It's all over but the crying.

Earlier this week, Harley-Davidson (NYSE:HOG) stock lost 6% of its market capitalization after reporting disappointing earnings news for its fiscal second quarter 2017. Harley followed up that loss by losing another half-percentage point or so on Wednesday, and it's down again in early Thursday trading.

But how bad was the news, really, and was it bad enough to justify all the continued selling of Harley stock? Or are investors maybe, just maybe, overreacting a bit here? Let's find out.

Mechanic working on bike

No doubt about it, Harley-Davidson stock could use a tune-up after this week's earnings. Image source: Getty Images.

What Harley said

Harley-Davidson released its fiscal Q2 2017 earnings news on Tuesday, reporting  $1.77 billion in quarterly sales (down 5% year over year and about 1% below analyst estimates ), and profits of $1.48 per diluted share -- likewise down about 5%, but 8% above estimates.

The company's ability to "beat" earnings estimates, despite "missing" on sales, owed to the strong profit margins that Harley earned on the sales it did make in the quarter. As CEO Matt Levatich argued, the company delivered "strong margins ... despite challenging market conditions, particularly in the U.S."

How strong were those margins, exactly? Well, strong enough to withstand a bit of fact-stretching to be sure. Gross margins at Harley actually inched up only 0.1% year over year in Q2. Operating profit margins, on the other hand, did rise by a more significant one full percentage point. Still, the 20.3% operating profit margin that Harley says it posted in Q2 appears to be the strongest profit margin the company has achieved in at least three quarters, judging from data provided by S&P Global Market Intelligence.

What Harley said next

The problem was Levatich went on to warn that these strong margins will not last. "Given U.S. industry challenges," said the CEO, management has been forced to lower its "full-year shipment and margin guidance" for the rest of this year. Going forward, Harley now believes it will have to cut motorcycle shipments by between 6% and 8% in comparison to last year -- including a massive 10% to 20% reduction in units shipped in Q3.

And the 1% operating profit margin improvement Harley achieved in Q2? In Harley's rearview mirror, that object is already farther away than it appears. Harley says investors can expect to see operating profit margins shrink by 1% in 2017. That implies a full-year operating margin of perhaps as little as 16.8% -- Harley's worst result since 2010.

What's wrong with Harley?

Why must Harley cut shipments so drastically, and accept earning so much worse profit margins on its wares? Levatich noted that "retail motorcycle sales in the U.S. were down 9.3 percent compared to the year-ago quarter, with the overall U.S. industry down for the same period." Levatich took no pains to explain how much everybody else's sales were down relative to Harley's decline, however -- and I fear it's clear why he didn't.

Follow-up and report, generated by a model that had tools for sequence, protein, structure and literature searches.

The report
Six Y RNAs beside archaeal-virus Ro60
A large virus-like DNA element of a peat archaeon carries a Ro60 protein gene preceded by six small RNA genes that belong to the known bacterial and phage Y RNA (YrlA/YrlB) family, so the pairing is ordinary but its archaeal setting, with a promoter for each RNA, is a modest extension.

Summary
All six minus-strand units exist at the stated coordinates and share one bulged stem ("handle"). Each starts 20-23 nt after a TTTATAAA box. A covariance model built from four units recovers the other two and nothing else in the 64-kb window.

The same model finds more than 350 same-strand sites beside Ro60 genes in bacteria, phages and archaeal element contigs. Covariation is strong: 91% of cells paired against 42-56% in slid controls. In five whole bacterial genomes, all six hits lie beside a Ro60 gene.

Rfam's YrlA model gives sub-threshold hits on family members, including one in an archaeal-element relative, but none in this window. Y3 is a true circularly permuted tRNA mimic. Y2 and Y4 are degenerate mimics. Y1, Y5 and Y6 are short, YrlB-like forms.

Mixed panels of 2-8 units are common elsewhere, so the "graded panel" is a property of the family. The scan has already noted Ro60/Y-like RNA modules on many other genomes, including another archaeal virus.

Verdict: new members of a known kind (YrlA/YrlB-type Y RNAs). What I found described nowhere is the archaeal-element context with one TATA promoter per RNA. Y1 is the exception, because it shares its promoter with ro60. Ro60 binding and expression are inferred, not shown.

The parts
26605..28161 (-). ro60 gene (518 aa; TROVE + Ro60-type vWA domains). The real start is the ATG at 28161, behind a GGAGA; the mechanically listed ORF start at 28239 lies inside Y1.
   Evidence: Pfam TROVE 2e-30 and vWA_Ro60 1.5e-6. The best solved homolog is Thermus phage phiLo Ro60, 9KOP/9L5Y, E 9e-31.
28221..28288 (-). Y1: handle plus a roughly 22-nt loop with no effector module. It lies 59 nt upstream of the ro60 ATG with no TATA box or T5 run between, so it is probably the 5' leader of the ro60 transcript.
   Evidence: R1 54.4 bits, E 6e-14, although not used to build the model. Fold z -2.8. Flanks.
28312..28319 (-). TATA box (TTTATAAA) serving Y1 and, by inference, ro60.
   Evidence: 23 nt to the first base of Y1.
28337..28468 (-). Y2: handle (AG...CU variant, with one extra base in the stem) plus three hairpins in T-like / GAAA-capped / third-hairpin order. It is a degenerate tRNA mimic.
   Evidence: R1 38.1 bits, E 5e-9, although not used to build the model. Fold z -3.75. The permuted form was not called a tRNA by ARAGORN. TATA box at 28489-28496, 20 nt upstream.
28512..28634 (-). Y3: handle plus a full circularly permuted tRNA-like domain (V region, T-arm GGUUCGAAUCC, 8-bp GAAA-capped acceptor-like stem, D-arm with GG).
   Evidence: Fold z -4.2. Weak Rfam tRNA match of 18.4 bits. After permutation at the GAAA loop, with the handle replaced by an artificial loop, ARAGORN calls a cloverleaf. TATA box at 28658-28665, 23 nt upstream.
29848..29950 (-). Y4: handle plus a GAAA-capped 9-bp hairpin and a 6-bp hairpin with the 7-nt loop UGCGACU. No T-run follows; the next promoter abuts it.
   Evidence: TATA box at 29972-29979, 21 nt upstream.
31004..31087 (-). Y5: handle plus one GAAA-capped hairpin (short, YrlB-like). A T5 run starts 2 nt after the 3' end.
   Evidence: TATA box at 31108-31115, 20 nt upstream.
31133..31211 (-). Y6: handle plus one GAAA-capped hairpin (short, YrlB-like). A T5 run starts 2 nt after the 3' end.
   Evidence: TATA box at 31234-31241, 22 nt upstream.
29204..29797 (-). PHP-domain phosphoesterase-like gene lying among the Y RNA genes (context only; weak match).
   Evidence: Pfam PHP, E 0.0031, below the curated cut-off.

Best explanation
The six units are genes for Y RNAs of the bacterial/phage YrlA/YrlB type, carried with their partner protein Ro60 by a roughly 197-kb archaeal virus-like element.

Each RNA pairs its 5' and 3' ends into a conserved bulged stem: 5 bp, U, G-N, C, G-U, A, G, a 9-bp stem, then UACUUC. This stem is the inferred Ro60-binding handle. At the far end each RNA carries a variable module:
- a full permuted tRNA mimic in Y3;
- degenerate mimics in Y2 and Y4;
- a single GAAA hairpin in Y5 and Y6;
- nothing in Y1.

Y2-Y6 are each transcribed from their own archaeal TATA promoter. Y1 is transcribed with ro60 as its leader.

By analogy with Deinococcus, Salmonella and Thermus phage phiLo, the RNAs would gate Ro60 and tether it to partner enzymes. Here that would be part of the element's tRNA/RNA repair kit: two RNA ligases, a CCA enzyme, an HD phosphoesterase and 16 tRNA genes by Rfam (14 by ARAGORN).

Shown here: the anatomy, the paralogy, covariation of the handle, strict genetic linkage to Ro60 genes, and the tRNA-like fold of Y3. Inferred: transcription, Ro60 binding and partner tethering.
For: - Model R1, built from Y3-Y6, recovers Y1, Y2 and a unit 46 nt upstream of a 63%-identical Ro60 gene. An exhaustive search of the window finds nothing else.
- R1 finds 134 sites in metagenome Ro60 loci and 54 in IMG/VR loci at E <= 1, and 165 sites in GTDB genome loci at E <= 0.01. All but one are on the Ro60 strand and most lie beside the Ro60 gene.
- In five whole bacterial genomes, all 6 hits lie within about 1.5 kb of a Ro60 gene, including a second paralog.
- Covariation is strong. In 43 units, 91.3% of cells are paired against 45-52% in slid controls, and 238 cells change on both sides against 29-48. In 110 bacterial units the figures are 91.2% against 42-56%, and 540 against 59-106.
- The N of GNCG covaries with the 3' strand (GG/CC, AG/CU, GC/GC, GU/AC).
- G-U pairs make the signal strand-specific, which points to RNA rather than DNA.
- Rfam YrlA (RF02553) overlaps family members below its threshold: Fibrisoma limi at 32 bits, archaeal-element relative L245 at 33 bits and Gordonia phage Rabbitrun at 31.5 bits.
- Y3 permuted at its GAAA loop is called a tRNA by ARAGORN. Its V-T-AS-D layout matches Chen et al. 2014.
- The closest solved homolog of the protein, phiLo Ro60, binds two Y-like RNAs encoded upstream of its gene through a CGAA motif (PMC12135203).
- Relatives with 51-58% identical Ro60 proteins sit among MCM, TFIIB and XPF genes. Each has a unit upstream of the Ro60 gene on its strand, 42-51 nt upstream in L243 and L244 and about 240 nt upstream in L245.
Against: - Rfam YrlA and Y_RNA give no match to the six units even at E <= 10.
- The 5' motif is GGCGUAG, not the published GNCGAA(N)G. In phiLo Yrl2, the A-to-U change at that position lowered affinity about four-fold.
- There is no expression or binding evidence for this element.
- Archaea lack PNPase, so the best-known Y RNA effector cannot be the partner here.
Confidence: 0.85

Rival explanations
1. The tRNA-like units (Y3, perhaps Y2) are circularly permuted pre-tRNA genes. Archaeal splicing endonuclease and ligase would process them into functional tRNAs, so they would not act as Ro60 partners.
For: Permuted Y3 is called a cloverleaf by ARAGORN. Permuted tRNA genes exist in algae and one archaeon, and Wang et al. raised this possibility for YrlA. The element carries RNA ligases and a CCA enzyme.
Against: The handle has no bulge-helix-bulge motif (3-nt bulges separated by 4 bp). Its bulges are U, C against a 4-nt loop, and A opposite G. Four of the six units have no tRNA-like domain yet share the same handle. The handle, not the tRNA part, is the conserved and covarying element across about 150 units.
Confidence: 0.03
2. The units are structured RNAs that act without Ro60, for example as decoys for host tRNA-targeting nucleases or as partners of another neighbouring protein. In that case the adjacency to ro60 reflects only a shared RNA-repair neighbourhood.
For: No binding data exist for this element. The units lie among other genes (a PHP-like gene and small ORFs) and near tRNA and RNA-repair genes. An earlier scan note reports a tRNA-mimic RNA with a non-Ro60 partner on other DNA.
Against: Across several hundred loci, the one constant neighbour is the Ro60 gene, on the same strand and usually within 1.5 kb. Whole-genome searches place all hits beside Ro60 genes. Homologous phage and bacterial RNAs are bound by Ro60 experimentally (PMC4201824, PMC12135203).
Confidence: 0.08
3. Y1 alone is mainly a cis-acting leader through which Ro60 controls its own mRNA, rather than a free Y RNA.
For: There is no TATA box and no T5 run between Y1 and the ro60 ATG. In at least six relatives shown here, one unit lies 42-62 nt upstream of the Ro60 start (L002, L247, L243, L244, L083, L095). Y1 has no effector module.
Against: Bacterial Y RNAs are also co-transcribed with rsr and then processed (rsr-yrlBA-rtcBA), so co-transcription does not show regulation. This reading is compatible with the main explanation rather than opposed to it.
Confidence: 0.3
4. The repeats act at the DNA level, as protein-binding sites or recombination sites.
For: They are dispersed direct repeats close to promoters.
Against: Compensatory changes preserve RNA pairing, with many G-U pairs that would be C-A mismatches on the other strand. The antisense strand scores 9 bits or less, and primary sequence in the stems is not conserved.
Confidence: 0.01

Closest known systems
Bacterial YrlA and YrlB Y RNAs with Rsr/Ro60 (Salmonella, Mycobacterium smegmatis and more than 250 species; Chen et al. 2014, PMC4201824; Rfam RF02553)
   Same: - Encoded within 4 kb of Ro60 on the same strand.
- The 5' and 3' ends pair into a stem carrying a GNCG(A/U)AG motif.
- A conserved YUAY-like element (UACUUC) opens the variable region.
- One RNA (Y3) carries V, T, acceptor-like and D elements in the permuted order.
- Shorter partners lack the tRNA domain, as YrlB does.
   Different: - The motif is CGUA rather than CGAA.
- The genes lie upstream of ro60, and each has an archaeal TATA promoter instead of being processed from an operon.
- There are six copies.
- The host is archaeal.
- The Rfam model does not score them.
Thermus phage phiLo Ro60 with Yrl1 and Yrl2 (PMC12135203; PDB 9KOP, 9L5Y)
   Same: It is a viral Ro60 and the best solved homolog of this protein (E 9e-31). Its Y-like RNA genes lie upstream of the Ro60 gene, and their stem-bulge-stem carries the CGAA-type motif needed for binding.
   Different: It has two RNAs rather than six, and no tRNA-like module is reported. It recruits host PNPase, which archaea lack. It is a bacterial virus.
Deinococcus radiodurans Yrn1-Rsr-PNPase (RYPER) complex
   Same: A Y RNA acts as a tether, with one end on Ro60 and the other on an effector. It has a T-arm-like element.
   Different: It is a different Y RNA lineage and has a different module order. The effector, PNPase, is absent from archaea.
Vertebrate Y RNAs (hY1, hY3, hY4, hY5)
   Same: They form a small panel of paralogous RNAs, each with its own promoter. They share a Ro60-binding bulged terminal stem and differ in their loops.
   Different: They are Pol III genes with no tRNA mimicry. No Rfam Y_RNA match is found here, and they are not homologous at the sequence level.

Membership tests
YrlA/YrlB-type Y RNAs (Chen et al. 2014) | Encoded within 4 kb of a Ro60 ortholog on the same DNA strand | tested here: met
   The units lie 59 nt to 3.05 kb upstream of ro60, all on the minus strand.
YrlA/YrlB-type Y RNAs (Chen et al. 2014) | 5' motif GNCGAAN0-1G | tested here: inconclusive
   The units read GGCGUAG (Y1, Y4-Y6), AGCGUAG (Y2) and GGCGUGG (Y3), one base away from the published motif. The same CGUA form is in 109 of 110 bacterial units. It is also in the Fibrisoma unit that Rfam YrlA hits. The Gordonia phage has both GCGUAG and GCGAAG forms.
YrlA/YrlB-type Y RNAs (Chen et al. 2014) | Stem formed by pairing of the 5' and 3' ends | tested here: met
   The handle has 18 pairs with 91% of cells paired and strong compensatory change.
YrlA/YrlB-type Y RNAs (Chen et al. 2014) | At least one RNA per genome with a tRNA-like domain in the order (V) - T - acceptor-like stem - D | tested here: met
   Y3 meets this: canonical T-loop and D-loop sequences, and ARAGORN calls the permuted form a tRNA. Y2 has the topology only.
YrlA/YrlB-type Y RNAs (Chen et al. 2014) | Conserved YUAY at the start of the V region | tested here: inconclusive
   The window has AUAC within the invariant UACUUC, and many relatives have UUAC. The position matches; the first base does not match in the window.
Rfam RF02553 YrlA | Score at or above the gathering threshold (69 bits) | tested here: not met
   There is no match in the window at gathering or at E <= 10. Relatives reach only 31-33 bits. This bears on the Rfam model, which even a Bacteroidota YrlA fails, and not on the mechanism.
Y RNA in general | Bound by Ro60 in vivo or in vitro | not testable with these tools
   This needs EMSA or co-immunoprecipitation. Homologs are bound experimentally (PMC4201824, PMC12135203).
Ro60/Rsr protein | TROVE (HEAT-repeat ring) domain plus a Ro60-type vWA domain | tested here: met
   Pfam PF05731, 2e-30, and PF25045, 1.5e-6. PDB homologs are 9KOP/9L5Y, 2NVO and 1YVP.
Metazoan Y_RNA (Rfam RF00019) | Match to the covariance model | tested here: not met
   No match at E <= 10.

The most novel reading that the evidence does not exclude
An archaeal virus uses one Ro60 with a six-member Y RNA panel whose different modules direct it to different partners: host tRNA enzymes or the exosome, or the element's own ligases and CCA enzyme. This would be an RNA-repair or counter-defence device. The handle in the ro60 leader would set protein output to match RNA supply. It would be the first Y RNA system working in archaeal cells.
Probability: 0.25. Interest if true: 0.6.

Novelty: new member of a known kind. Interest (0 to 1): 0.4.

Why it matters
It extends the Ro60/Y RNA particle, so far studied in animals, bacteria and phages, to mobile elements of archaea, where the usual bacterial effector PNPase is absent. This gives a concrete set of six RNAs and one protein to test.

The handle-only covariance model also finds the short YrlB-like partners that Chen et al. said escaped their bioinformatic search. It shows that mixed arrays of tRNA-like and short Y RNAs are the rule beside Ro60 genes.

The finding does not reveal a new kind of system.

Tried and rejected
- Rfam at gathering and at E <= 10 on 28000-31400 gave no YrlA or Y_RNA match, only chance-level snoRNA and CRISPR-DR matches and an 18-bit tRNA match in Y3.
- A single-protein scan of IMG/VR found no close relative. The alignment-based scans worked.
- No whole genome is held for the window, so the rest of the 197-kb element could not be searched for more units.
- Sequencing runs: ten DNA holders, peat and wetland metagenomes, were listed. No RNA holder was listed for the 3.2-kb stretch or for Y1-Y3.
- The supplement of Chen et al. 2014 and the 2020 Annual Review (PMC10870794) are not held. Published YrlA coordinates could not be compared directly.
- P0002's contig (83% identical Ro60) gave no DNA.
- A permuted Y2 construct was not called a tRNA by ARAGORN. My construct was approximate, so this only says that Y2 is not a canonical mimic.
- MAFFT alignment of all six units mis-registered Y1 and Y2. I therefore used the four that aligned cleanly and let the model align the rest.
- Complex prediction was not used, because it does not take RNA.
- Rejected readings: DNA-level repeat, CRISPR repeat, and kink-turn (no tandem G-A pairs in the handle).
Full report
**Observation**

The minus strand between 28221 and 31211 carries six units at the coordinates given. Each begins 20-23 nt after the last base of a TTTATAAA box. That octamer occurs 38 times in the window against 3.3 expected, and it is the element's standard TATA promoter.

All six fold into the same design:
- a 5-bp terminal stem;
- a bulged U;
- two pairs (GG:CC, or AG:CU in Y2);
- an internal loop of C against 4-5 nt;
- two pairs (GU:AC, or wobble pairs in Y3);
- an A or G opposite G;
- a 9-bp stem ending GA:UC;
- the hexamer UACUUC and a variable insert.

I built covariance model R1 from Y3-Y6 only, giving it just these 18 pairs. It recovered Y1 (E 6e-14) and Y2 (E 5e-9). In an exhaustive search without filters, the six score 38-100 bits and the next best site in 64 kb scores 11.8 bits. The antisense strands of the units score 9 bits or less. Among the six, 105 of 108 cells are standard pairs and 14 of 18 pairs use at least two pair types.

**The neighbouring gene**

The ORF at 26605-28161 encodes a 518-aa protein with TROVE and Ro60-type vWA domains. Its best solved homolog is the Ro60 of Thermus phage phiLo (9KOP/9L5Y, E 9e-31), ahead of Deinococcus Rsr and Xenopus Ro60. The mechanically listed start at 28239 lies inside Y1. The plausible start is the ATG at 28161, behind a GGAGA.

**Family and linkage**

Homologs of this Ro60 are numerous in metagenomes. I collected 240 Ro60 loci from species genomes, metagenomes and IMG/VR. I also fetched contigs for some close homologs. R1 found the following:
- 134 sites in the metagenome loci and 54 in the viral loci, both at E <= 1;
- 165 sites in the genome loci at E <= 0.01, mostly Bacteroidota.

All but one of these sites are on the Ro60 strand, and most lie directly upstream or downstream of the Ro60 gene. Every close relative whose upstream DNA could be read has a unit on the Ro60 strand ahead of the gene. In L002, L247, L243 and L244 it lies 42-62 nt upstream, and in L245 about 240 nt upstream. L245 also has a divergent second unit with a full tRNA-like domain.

You see, Levatich also noted that Harley-Davidson's "U.S. market share for the quarter was 48.5 percent in the 601cc-plus segment." While Levatich made no attempt to underline the point, that's a pretty big drop from the 51.3% market share that Harley-Davidson enjoyed as recently as three months ago. It's also a sharp reversal from the "market share gains" that Harley was ballyhooing in its Q4 report back in January.

Valuing Harley-Davidson stock

So is it time for investors to abandon ship? Believe it or not, I wouldn't be so quick to bail out. Bad as things seem, Harley still earned some $606 million in profit over the past 12 months, and more importantly, generated free cash flow of $1.1 billion. Weighed against the firm's $8.5 billion market capitalization, that works out to a P/E ratio of 14, but a price-to-free cash flow ratio of only 7.7.

With Harley-Davidson stock still yielding a very generous 3% dividend, and analysts looking past its current weakness to forecast long-term earnings growth of 11% annually over the next five years, even with all the bad news ahead of it, at worst I see Harley-Davidson stock as fairly valued today. At best (valuing the stock on its free cash flow), the stock actually looks cheap to me.

Long story short, the news at Harley-Davidson looks bleak. But even so, the price of Harley-Davidson stock is cheap. I wouldn't be too quick to throw in the microfiber buffing towel on this one.

Rich Smith has no position in any of the stocks mentioned. The Motley Fool has no position in any of the stocks mentioned. The Motley Fool has a disclosure policy.